Share on Pinterest
There are no images.

GreatSchools profile data sources & information

 

GreatSchools Rating

The GreatSchools Rating is a tool to help parents compare schools based on standardized state test scores. It compares schools across the state, where the highest-rated schools in the state are designated “above average” and the lowest “below average.” It is designed to be a starting point to help parents make baseline comparisons. We always advise parents to visit the school and consider other information on school performance and programs, as well as consider their child’s and family’s needs as part of the school selection process.


Source: GreatSchools, 2016 | See more: More about GreatSchools Ratings

Test Scores

English & Math

The California Assessment of Student Performance and Progress (CAASPP)

In 2015-2016, California tested students using the California Assessment of Student Performance and Progress (CAASPP), administered through the online Smarter Balanced Summative Assessments. These are comprehensive, end-of-year assessments of grade-level learning that measure progress toward college and career readiness. Each test, English language arts/literacy (ELA) and mathematics is comprised of two parts: (1) a computer-adaptive test; and (2) a performance task; administered within a 12-week window beginning at 66 percent of the instructional year for grades 3 through 8 or within in a seven-week window beginning at 80 percent of the instructional year for grade 11. The summative assessments are aligned with the Common Core State Standards (CCSS) for ELA and mathematics. The tests capitalize on the strengths of computer-adaptive testing — efficient and precise measurement across the full range of achievement and timely turnaround of results.


Source: CA Dept. of Education, 2016 | See more: 13 key skills teens need to be college and career-ready

Science

The California Standards Tests (CSTs)

In 2015-2016, California used the California Standards Tests (CSTs) to test students in science in grades 5, 8, and 10. The CSTs are standards-based tests, which means they measure how well students are mastering specific skills defined for each grade by the state of California. The goal is for all students to score at or above proficient on the tests.


Source: CA Dept. of Education, 2016 | See more: More about science in high school

College readiness

College readiness rating

The college readiness rating reflects high school graduation rates, SAT or ACT participation and performance, and AP exam participation and performance for this school compared to the state average.


Source: GreatSchools, 2015 | See more: More about GreatSchools Ratings

Graduation rate

Graduation rates for counties, districts, and schools across California were calculated based on four-year cohort information using the state’s California Longitudinal Pupil Achievement Data System (CALPADS). Cohort means that the same groups of students were followed for four years in this data collection.


Source: CA Dept. of Education, 2015 | See more: Helping students stay on the road to college; This page from the CA Dept. of Education website explains what the course requirements are to graduate from a California public school.

UC/CSU Eligibility

To be eligible for University of California (UC) and/or California State University (CSU) schools, high school students must complete required A-G courses. This data point represents the percent of 12th grade graduates who completed all of the A-G courses with a grade of C or better. This data includes summer graduates and does not include students with high school equivalencies, such as the General Educational Development (GED) test or California High School Proficiency Examination (CHSPE).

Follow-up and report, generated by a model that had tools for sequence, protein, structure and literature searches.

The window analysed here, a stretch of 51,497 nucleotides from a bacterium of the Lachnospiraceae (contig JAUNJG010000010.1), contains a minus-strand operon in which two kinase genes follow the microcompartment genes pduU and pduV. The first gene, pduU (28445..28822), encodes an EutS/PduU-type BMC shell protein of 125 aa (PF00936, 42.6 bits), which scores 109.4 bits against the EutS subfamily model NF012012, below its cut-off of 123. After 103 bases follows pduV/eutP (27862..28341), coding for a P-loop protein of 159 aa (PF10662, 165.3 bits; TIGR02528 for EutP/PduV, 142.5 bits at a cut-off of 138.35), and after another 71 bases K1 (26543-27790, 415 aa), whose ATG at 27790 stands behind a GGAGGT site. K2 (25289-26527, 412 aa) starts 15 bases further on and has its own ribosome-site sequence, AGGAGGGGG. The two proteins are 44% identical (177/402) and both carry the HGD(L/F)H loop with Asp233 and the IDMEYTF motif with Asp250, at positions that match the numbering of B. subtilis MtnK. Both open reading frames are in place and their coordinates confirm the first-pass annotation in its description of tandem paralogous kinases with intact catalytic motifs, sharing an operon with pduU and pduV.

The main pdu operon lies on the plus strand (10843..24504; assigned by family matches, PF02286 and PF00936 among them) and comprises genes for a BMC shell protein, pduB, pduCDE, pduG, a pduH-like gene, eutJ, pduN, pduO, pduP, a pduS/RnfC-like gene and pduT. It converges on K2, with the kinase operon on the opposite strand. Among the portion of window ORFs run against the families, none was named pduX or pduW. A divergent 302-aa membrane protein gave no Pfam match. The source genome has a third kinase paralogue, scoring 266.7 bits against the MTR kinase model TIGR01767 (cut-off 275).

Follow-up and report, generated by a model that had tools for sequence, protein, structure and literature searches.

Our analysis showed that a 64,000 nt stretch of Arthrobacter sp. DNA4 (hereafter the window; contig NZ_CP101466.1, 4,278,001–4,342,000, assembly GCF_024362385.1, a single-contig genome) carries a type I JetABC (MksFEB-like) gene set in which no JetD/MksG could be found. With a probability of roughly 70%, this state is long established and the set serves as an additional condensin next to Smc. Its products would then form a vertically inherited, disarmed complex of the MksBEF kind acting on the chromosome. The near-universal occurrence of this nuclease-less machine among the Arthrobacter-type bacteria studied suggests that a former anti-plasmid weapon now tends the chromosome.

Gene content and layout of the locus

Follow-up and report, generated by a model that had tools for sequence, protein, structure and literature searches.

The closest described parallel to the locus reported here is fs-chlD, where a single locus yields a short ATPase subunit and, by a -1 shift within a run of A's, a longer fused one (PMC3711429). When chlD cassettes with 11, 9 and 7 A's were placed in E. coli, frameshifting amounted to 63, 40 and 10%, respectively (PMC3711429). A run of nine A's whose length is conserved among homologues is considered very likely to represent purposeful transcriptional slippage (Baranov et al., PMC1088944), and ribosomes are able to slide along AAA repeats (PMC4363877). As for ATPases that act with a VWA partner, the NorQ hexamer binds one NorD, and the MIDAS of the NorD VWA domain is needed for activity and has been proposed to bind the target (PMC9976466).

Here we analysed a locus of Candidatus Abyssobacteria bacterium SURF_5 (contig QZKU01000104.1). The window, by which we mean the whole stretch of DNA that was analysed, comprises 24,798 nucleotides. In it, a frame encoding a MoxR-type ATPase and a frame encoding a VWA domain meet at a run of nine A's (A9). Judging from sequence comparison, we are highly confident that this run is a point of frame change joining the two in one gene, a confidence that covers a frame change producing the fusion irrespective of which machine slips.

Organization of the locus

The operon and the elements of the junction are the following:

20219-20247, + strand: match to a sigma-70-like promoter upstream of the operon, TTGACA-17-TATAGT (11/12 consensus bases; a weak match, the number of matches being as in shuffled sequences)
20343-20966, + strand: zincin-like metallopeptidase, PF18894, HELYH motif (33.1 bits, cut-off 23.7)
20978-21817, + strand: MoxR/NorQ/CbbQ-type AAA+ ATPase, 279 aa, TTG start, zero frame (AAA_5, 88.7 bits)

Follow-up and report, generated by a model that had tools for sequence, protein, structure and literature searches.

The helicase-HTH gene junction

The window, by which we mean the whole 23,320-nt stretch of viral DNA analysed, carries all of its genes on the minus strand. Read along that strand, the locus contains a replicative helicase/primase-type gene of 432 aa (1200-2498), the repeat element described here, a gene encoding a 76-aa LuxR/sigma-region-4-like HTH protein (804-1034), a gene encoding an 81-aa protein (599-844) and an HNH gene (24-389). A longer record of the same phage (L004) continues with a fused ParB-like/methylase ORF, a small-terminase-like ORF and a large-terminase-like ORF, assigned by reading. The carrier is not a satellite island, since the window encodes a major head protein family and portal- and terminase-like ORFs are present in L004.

Source: CA Dept. of Education, 2015 | See more: Understanding the A-G requirements; This page from the CA Dept. of Education website offers more information about UC and CSU student requirements.

SAT participation rate

The SAT participation rate is based on the number of 12th grade students who took the test out of the total number of students enrolled in grade 12 at this school, as reported by the CA Dept. of Education.


Source: CA Dept. of Education, 2015 | See more: Strategies to help your child prepare for college entrance tests

SAT scores

This reflects the average SAT score (out of 2400 total possible points) for all students at this school who took the SAT in 2015.


Source: CA Dept. of Education, 2015 | See more: Our profiles currently reflect 2015 SAT information. The SAT test changed in March 2016. Check back soon to see updated SAT test scores for your school. In the meantime, learn more about the new SAT.

AP exam pass rate

Advanced Placement (AP) classes are rigorous classes with a national final exam. The AP exam pass rate reflects the percentage of students who passed the end-of-course AP exam.


Source: Civil Rights Data Collection (CRDC), 2014

AP course participation

Advanced Placement (AP) classes are rigorous classes with a national final exam. This data point represents the percentage of students in grades 10-12 at this school who enrolled in an AP class in 2014.


Source: CA Dept. of Education, 2015 | See more: All about Advanced Placement courses and exams

ACT participation rate

The ACT participation rate is calculated by using the number of test takers over the number of students enrolled in grade 12, as reported by the CA Dept. of Education.


Source: CA Dept. of Education, 2015 | See more: ACT vs. SAT: what’s the difference?

ACT scores

The ACT test is designed to assess high school students’ general educational development and their ability to complete college-level work. The ACT test covers four subject areas: English, mathematics, reading, and science. Each subject area test receives a score ranging from 1 to 36. The composite score is the average of all four subject area test scores.